By ADETUTU FOLASADE-KOYI
LONG before June 9, 2015, the Nigerian Senate, also referred to as the red chamber has always been a bed of intrigues; at least, in this Republic.
Rewind to June 2, 1999 when the Fourth Senate in this Fourth Republic was inaugurated. After the presidential inauguration on May 29, former President Olusegun Obasanjo didn’t hide his preference for Senator Evan Enwerem as his Senate President; the number three man in Nigeria.
Enwerem’s colleagues thought otherwise. They wanted the more oratorical, eloquent and independent-minded Chuba Okadigbo. At the end of the day, Obasanjo’s will prevailed.
That was when intrigues entered the chamber and it has refused to leave. Before long, Enwerem’s colleagues began to murmur and some eventually complained aloud about the identity, the real identity of their Senate President.
When the heat got to Enwerem, in his defence, he claimed to be Evans and not Evan. His colleagues were not ready to listen.
His replacement was Okadigbo, who would later, because he was not the candidate of Aso Rock, also, fall by the wayside when he was impeached for “anticipatory approvals.”
That was when “ways and means” entered the lexicon of the National Assembly. It has stuck ever since. Suffice to state that Okadigbo’s removal was hatched when he was hosting the president in his official residence in Apo Legislative Quarters. Right across the road, as revealed to Saturday Sun by one of the participants in 2006, some Senators, some of whom were Okadigbo’s friends, mapped out his impeachment plan.
His successor, Senator Anyim Pius Anyim, the supposed darling of the Presidential Villa only managed to survive by the grace of his colleagues. It got to a point when relations were frayed between the two arms and the Villa wanted him out.
For the first time, Senators rallied round Anyim well enough for him to finish his tenure. Wisely, he declined to contest for a second term from his home state of Ebonyi.
The Fifth Senate
Again, as it was in 1999, in 2003, Obasanjo looked afield and because the seat was still zoned to the South East, settled for Senator Adolphus Wabara. Relations between the two arms were so smooth that some of his colleagues said the legislature, under him , was like an appendage of Aso Rock. Wabara was not ready to rock the boat but two years down the line, relations became frosty.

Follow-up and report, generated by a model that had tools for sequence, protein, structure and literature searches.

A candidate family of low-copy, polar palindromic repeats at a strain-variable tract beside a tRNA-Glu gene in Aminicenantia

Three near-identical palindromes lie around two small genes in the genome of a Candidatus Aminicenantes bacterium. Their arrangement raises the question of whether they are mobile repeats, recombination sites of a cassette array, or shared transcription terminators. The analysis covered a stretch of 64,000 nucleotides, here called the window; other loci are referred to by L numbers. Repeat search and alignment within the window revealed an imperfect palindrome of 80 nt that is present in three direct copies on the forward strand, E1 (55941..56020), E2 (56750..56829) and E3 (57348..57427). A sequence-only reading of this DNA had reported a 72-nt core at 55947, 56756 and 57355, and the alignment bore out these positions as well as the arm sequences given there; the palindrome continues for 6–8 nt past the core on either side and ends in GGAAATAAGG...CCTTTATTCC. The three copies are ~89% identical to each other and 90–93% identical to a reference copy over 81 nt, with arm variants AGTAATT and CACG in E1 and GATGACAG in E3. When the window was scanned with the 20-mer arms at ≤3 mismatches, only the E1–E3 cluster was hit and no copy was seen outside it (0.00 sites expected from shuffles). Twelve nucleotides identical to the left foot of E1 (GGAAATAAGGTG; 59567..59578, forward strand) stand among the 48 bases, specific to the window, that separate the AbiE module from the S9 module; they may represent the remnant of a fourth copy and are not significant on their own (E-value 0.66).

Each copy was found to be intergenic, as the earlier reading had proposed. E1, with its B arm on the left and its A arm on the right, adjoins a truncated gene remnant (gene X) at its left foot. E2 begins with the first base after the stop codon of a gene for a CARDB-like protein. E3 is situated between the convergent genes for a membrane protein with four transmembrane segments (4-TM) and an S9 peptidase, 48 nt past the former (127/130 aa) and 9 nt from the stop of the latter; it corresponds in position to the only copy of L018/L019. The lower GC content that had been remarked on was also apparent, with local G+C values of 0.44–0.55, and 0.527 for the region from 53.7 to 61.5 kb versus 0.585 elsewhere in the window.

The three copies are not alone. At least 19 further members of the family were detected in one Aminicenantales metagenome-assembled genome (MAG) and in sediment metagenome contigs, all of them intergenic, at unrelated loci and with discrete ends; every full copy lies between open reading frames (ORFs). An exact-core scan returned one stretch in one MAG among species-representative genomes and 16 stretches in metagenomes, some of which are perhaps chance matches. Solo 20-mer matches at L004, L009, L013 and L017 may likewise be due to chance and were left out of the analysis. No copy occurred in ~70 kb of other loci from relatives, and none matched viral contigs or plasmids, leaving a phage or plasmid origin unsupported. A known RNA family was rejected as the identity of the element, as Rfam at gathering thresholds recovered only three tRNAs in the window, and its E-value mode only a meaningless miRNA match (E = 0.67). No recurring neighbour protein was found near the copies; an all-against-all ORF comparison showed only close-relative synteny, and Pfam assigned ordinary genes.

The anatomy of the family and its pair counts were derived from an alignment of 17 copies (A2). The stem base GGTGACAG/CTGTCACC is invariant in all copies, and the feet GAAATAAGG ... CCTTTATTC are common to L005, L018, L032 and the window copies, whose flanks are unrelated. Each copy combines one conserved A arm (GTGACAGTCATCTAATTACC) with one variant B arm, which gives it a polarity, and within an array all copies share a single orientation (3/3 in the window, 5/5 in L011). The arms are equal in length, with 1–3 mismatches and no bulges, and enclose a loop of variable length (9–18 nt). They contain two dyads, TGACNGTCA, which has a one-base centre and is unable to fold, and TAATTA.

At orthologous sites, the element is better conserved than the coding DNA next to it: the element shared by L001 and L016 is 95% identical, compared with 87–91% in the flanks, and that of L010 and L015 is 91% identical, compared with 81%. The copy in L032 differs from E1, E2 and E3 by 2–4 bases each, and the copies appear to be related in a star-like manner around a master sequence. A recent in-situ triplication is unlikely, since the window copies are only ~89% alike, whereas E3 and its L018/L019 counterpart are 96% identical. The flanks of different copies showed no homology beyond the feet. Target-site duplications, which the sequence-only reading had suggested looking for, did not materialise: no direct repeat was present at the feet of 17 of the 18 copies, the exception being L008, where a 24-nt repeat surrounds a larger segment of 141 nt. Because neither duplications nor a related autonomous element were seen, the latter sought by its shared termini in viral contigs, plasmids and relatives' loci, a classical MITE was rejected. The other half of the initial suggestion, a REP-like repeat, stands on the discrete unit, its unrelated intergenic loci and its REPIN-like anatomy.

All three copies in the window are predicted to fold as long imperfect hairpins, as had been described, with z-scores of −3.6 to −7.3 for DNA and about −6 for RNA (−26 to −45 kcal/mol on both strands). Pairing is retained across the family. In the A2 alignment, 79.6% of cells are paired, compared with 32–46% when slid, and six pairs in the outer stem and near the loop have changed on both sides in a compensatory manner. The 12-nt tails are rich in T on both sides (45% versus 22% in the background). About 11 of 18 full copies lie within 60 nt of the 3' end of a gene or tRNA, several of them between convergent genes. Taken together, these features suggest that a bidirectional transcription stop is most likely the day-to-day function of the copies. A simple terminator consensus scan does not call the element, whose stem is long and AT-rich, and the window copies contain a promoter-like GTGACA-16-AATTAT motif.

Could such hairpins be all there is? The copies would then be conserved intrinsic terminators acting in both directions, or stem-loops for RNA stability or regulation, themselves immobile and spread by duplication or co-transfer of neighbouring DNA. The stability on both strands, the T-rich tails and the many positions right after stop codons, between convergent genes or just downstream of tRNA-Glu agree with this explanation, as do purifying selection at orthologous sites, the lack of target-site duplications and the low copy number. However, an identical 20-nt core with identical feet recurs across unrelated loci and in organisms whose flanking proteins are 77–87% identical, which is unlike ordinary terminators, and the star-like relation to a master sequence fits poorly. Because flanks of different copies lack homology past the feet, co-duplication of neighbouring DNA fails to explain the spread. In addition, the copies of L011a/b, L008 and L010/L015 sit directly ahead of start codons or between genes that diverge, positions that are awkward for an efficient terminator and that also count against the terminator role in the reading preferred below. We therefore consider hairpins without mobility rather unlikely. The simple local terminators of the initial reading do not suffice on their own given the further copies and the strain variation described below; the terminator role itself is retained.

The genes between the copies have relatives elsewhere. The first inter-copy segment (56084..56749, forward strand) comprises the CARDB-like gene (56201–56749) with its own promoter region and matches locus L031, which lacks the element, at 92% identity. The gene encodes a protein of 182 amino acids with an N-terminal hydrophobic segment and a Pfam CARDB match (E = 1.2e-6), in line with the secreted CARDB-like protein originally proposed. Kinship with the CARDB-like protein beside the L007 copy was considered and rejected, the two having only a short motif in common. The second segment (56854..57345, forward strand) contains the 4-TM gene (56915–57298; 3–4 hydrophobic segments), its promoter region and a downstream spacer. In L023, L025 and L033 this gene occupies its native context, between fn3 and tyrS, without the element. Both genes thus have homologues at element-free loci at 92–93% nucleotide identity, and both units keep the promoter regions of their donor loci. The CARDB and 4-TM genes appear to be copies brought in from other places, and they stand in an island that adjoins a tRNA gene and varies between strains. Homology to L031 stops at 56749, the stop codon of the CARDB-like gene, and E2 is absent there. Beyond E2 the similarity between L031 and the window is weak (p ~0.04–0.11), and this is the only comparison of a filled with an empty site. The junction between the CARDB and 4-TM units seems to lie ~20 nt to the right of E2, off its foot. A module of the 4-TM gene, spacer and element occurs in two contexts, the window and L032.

The Presidency latched onto a bribe-for-budget scandal which eventually forced Wabara to resign. What happened was that during the routine budget Defence of ministries, departments and agencies, then Educarion Minister allegedly offered N55 million to lawmakers in both chambers to get his budget through. In a March 15, 2005 national broadcast, Obasanjo implicated Wabara as one of the participants.
On April 5, he resigned, which paved the way for Senator Ken Nnamani, a first time lawmaker to succeed him. In order for Nnamani to succeed Wabara, some orders in the Senate Standing Orders remained suspended until the end of that session in 2007.
Yet, intrigues in the chamber were still not over even though Nnamani was a popular choice of his colleagues. It was gathered that several meetings were convened by some Senators to get him out but did not succeed because he enjoyed the trust of his colleagues. Even the failed Third Term debacle was not enough to unseat him.
The David Mark years
In the Seventh Senate, Senator David Mark, from Benue State, served two terms as Senate President. Attempts to unseat him did not succeed because he had a strong kitchen cabinet and as Nnamani, enjoyed the trust of his colleagues.
In fact, more than Nnamani, Mark had a strong bond with his colleagues such that any impeachment plan leaked at the embryonic stage. It was not out of place in Mark’s Senate for opposition lawmakers to defend policies of the ruling party.
The Eighth Senate
The March 28, 2015 election was not supposed to go the way it did. The then ruling Peoples Democratic Party (PDP) had thought that, with the power of incumbency, at all levels of governance, it would be business as usual and some people had even shared principal positions in the two chambers of the National Assembly before the elections held.
Even before the last votes were counted, it was obvious that the All Progressives Congress (APC) was in the majority in both chambers and, would, naturally, decide the shape of the leadership; save for the traditional four seats ceded to the opposition in the 10-man Body of Principal Officers.
It was gathered that long before the March 28 National Assembly poll, shortly after the emergence of the presidential candidate of the party, Senator Bukola Saraki had intimated the party leadership of his interest in the Senate Presidency. No one blinked or went against his wish at that time.
And so, even before President Muhammadu Buhari’s inauguration on May 29, some party chieftains insisted on choosing principal officers for the National Assembly. Fortunately, the APC had an overwhelming majority in both chambers, but, did not have two-thirds (73 members) in the Senate. Regardless, with 60 members, APC had sufficient majority to control the chamber.
It didn’t quite turn out to be so.
Considering candidates to fill leadership positions in both chambers, ranking was on top of the list; having been the tradition since 1999. In fact, it was expressly stated in Order 3 of the Senate Standing Orders in 2011.
As far as ambitions go, Saraki was qualified as the ranking rule favoured him. But, he was just a second timer in the chamber. Save for Mark, who returned for a record fifth time, and he is of the opposition, Senator Ahmad Ibrahim Lawan was the most qualified member to occupy the Senate President position in the ruling APC, going by the Senate Standing Orders.